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Cowboys 2018 Draft: Five defensive tackles — other than Vea and Payne — to know

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We know about Vita Vea and Daron Payne, but who else can the Cowboys target at defensive tackle this April?

NCAA Football: Louisville at North Carolina State Rob Kinnan-USA TODAY Sports

While many NFL fans are focused on their team’s free agency move, the 2018 NFL Draft is getting closer and closer as each day passes. One of the biggest positions of need for the Dallas Cowboys this April — especially if they don’t add a free agent — is the defensive tackle position.

The Cowboys don’t value a true 1-tech as much as some other teams do, but a big-bodied interior defensive lineman would help this defense a lot. The Cowboys have talent on the defensive side of the ball with players such as DeMarcus Lawrence, David Irving, Sean Lee, and Jourdan Lewis, but it was clear just how much help is needed in the middle — especially when Lee is sidelined with injury.

Because of this, many fans are wanting the Cowboys to add one of the draft’s top two interior prospects: Vita Vea of the Washington Huskies or Da’Ron Payne from the National Championship-winning Alabama Crimson Tide. Both of these prospects are strong, large human beings that have 3-tech attributes — an important factor in whether or not the Cowboys want to spend a premium pick on one of these two.

But defensive tackle isn’t the only position of need in round one. What happens if a player like Tremaine Edmunds or Calvin Ridley falls to 19? Maybe the Cowboys want to grab Isaiah Wynn or Will Hernandez to counter the Eagles’ monstrous defensive line. There are definitely many different routes the Cowboys can go on day one.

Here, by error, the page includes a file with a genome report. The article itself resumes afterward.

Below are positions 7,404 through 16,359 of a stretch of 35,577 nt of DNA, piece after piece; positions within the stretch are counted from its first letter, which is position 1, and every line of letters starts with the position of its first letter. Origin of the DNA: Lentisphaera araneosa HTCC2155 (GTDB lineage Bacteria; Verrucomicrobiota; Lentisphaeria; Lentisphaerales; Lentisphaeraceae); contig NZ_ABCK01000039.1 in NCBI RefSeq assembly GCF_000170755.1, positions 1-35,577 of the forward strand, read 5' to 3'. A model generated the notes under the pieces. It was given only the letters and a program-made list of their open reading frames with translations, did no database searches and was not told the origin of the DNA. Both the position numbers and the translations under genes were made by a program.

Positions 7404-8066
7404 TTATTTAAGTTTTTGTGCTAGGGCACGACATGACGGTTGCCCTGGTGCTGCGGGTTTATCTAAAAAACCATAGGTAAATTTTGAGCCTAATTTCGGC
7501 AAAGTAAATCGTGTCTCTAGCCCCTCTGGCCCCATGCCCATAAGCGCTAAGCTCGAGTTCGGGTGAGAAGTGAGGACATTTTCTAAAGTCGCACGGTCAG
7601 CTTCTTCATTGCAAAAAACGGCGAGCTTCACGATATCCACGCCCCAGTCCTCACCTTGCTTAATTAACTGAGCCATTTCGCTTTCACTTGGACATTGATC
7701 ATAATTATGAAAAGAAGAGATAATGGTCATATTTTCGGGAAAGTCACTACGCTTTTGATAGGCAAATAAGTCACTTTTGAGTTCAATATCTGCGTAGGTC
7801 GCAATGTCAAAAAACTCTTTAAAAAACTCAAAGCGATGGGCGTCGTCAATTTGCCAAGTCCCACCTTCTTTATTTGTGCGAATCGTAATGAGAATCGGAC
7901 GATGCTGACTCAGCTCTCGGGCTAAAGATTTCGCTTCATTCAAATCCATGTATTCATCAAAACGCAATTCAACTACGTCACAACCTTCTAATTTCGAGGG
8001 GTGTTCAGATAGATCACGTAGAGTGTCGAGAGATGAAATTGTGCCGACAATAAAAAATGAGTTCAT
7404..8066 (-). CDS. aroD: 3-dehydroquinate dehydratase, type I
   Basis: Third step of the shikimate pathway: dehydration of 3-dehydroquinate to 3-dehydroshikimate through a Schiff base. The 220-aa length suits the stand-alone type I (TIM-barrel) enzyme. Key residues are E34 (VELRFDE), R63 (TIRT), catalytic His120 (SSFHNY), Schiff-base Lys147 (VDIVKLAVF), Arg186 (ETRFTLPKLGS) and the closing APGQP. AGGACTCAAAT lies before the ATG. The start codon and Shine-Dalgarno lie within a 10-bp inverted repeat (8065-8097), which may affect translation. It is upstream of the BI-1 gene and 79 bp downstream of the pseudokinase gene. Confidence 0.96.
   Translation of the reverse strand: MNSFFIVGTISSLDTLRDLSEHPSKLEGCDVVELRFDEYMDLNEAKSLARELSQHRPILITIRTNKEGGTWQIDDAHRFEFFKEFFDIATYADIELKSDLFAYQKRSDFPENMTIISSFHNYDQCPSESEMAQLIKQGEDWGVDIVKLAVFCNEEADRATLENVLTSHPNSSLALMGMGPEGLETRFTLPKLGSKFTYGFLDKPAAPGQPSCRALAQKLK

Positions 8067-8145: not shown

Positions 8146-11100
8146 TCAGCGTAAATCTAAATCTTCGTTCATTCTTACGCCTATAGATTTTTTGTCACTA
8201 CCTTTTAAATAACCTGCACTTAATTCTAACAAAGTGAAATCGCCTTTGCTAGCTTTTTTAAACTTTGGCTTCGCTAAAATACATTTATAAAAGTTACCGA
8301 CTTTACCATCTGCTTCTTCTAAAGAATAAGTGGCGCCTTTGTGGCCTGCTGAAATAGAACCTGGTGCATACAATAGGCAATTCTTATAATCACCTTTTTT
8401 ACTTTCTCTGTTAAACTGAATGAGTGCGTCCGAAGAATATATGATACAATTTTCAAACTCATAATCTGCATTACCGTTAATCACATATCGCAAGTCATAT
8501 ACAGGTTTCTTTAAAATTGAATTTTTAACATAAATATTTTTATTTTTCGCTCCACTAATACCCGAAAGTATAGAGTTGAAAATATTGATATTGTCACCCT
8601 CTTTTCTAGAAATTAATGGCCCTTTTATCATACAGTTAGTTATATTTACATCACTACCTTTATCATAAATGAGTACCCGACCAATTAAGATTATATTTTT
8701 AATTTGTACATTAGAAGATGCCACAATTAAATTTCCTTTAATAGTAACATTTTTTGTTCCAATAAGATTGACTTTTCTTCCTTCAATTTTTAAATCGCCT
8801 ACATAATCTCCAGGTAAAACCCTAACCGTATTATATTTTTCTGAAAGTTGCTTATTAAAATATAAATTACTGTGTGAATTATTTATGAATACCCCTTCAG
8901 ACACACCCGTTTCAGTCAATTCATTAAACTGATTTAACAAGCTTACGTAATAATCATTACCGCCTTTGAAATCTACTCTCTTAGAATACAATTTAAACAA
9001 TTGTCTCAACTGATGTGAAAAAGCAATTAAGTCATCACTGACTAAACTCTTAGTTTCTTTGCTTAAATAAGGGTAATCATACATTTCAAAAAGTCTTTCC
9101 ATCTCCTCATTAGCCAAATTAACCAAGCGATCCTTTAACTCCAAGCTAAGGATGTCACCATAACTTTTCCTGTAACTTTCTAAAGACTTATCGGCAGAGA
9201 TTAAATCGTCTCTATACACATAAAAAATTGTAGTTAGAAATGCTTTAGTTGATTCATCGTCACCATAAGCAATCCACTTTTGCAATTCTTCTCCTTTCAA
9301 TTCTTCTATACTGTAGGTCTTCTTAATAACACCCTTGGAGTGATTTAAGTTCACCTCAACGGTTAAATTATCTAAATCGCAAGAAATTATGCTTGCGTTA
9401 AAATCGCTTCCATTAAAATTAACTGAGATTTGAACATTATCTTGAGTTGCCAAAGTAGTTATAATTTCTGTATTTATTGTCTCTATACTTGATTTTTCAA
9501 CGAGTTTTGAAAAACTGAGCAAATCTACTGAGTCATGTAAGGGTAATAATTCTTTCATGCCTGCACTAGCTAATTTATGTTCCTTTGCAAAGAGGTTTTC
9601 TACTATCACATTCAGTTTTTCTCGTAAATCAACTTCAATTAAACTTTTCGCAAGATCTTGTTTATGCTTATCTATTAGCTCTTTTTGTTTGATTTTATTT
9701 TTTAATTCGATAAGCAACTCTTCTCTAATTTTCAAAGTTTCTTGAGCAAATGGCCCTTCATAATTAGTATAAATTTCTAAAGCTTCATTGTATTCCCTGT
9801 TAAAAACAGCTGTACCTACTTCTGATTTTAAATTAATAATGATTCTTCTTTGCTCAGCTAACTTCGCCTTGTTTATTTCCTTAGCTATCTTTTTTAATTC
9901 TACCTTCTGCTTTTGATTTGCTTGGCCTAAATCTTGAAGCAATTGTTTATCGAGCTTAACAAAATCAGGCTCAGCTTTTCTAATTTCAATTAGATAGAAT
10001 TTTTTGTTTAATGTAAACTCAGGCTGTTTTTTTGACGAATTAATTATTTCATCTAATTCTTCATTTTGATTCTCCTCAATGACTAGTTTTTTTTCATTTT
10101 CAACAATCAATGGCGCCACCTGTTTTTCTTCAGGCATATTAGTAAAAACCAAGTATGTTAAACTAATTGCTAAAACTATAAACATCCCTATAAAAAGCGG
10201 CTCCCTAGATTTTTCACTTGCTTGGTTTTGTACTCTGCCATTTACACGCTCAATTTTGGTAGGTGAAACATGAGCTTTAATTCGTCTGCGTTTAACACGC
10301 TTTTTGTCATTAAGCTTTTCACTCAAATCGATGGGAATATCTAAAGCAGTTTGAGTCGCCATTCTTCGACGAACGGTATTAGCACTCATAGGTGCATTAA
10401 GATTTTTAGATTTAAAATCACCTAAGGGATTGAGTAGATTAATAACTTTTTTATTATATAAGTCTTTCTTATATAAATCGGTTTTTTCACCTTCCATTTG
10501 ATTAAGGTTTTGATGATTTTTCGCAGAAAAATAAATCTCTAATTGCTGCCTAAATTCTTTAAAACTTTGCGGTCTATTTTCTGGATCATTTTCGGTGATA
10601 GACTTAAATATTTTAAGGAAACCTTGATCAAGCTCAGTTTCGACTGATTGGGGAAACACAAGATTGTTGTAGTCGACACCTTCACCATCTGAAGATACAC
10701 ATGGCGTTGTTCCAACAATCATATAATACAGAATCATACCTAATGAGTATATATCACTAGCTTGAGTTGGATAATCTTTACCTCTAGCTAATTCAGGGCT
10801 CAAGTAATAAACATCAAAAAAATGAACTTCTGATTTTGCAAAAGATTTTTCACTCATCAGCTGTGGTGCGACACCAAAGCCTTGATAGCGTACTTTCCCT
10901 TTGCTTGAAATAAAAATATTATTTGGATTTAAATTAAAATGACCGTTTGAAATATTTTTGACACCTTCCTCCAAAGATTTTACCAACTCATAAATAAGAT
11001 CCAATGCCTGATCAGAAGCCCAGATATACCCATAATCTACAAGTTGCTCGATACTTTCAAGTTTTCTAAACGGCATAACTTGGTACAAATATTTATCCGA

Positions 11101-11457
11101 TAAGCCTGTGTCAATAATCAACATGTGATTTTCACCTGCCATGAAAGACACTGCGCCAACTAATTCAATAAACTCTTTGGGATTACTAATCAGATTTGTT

With that said, let’s take a look at some talented prospects that the Cowboys can grab later in the draft.

Deadrin Senat, South Florida Bulls

NCAA Football: Tulsa at South Florida Kim Klement-USA TODAY Sports

Deadrin Senat is one of the better prospects in the “next tier” of defensive tackles in this draft class. The 6-foot-1, 311-pound lineman from USF overcame tragedy in his life and finished his four-season collegiate career in a big way: 115 total tackles, 17.5 tackles-for-loss, and seven sacks over the course of his junior and senior seasons under Charlie Strong in Tampa.

We covered Senat this past Friday. He could be a great third-round selection for a team looking for an interior presence, like the Cowboys.

Senat doesn’t have the ceiling as the Vea’s and the Payne’s of the world, but the USF product has more than enough ability and talent to develop and grow into a solid player in the NFL. If the Cowboys aren’t able to sign a Bennie Logan or draft one of the two aforementioned blue chip tackles, Senat is a quality option for America’s Team.

Would you like for Dallas to grab the USF in round three?

Harrison Phillips, Stanford Cardinal

NCAA Football: Washington at Stanford Kirby Lee-USA TODAY Sports